The Elwes Snowdrop is a welcome addition to our range of snowdrops for sale. It is much rarer than the common snowdrop, Galanthus nivalis so you should snap these up as we never have many. As with G. nivalis it has three, pure white outer tepals which can be up to 2.5 cm long. The smaller, inner petals are flared at the tip with bold green markings that vary: sometimes there are two marks, sometimes just one and sometimes two join together. This is the stuff of Galanthophile fantasy! It flowers earlier than G. nivalis and is also a taller growing, more substantial snowdrop with glaucous, grey leaves. Its nodding head is supported on strong, sturdy stems that are very upright. It has a wonderful honey scent if you can bend down that far..... a lovely plant which is why it holds an RHS Award of Garden Merit
Snowdrops have a particular affinity to limestone or alkaline soils. But even without one of these, snowdrops will do well if you just make sure there is enough drainage. Add grit, sand, leafmould and organic matter to heavy clay soil where you wish to plant any snowdrop. Even where you see snowdrops doing well in damp soil in the wild, the chances are that the water is on its way somewhere and not stagnant. G. Elwesii is particularly suitable for naturalising because its bulbs bulk up quickly giving you a great return on your investment and a carpet of white flowers to boot. While most snowdrops like the dappled shade of a woodland edge, Elwesii's greyer leaves mean that it actually does well in sunnier, more open positions too. If you want to include your snowdrops in a planting plan then they will befriend aconites, celandine, Cyclamen coum and that contemporary-looking, black Ophiopogon grass. They are perfect grown under roses or around the base of Viburnums or in between Hellebores with which they associate particularly successfully. If you have any ornamental creeping bramble as groundcover, plant some Galanthus Elwesii to peep out from its evergreen leaves in winter. Once flowering is over, feed your snowdrops with a water-on soluble food or something like slow release Vitax Q4. This will encourage them to produce more flowers and more bulblets.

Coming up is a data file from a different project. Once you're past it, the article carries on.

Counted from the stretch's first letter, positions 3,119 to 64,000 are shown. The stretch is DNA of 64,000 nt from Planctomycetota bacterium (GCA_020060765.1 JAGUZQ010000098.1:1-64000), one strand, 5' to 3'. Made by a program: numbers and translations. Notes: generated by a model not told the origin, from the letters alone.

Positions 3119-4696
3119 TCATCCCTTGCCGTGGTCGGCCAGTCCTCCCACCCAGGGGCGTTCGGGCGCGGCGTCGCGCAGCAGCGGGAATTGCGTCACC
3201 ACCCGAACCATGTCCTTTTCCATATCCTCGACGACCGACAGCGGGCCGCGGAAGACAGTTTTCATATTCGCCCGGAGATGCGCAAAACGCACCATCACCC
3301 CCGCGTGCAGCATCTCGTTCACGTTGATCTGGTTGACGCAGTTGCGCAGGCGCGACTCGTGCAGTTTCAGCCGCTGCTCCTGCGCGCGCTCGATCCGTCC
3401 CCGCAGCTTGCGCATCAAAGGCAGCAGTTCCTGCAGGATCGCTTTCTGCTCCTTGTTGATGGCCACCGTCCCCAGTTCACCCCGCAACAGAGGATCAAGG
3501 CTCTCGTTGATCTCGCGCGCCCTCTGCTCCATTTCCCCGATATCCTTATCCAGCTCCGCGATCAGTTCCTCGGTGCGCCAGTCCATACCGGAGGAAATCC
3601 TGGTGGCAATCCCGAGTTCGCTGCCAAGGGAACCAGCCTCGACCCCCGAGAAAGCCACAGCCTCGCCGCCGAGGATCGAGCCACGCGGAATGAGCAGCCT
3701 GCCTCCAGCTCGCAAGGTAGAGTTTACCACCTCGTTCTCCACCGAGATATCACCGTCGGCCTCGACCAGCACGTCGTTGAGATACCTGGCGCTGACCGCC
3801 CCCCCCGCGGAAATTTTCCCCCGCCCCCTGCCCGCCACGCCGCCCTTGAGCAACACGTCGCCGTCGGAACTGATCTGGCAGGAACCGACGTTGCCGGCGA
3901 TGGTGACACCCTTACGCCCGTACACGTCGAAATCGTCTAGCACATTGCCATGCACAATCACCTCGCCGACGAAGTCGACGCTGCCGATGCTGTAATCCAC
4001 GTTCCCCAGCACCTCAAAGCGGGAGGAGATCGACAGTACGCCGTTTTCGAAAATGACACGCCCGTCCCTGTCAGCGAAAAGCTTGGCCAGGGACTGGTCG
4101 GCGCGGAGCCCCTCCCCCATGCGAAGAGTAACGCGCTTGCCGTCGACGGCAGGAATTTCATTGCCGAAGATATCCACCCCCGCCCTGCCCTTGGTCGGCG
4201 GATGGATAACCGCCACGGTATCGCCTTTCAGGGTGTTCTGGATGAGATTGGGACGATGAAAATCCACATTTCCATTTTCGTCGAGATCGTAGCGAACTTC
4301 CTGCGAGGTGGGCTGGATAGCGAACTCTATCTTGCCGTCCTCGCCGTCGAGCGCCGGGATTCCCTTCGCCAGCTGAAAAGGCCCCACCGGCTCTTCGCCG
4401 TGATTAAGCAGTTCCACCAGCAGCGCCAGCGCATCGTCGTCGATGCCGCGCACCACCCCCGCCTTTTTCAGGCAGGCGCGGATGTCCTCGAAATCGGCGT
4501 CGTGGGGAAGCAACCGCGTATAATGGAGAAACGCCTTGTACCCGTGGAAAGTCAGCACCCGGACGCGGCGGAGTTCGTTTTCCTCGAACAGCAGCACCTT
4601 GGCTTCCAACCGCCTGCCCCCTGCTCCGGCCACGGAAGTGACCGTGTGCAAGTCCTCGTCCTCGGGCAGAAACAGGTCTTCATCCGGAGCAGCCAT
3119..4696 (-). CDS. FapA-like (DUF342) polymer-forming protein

Galanthus elwesii is actually native to Turkey, Greece and the former Yugoslavia. It was named in 1875 after Henry John Elwes (1846-1922), the well known Victorian plant-collector and traveller who lived at Colesbourne Park near Cirencester in Gloucestershire. It is worth making the pilgrimage to Colesbourne to view the snowdrop spectacle that is open to the public every year and is testament to his passion for snowdrops of all types.